Federal laws protect people in California from workplace discrimination during a pregnancy or illness. The Pregnancy Discrimination Act applies to organizations that employ 15 or more people. The law requires employers to treat pregnant employees the same as other people in regards to firing, hiring and promotion eligibility.
The PDA also provides pregnant workers with protection from harassment. The act obliges employers to grant reasonable accommodations so that people can continue to perform their jobs. These accommodations could include additional bathroom breaks or the flexibility to work from home.
The Family Medical Leave Act represents another law that guarantees 12 weeks of medical leave for employees with medical conditions. The act, however, does not apply to all employers. In some situations, an employee might gain workplace protections under the Americans with Disabilities Act. Although the law does regard pregnancy as a disability, many conditions related to pregnancy qualify for protection.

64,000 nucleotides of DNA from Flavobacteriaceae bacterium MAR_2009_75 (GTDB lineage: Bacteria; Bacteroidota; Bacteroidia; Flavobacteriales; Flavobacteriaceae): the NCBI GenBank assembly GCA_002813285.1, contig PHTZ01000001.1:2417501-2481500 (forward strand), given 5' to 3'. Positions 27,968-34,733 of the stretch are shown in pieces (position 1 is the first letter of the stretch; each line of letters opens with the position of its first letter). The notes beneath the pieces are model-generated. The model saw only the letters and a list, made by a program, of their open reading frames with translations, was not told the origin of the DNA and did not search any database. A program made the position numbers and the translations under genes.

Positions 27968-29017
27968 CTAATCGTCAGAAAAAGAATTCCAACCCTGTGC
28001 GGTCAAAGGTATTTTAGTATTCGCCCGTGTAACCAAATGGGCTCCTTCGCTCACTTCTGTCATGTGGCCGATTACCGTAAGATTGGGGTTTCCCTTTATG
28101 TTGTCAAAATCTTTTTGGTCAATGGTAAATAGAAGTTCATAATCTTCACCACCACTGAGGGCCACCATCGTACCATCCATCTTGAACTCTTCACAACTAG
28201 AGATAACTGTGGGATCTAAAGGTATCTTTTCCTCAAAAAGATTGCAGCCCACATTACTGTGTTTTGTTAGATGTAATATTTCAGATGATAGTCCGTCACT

Harassment of pregnant individuals could take multiple forms. Some employees might suddenly find that co-workers want to touch them. Management might deny chances to learn new skills or receive a promotion. Discussions about the person’s body could also leave an employee feeling uncomfortable.
When someone feels mistreated at work, a formal complaint to human resources might be necessary, but the person should first consult an attorney. Legal advice could reveal whether treatment on the job could be workplace discrimination. An attorney could provide advice about how to document incidents of harassment or discrimination. The attorney could then include this information within a lawsuit against the employer. This action might prompt an employer to correct the situation at work or offer a settlement. When necessary, an attorney might recommend that the case go to trial if an employer refuses to recognize responsibility.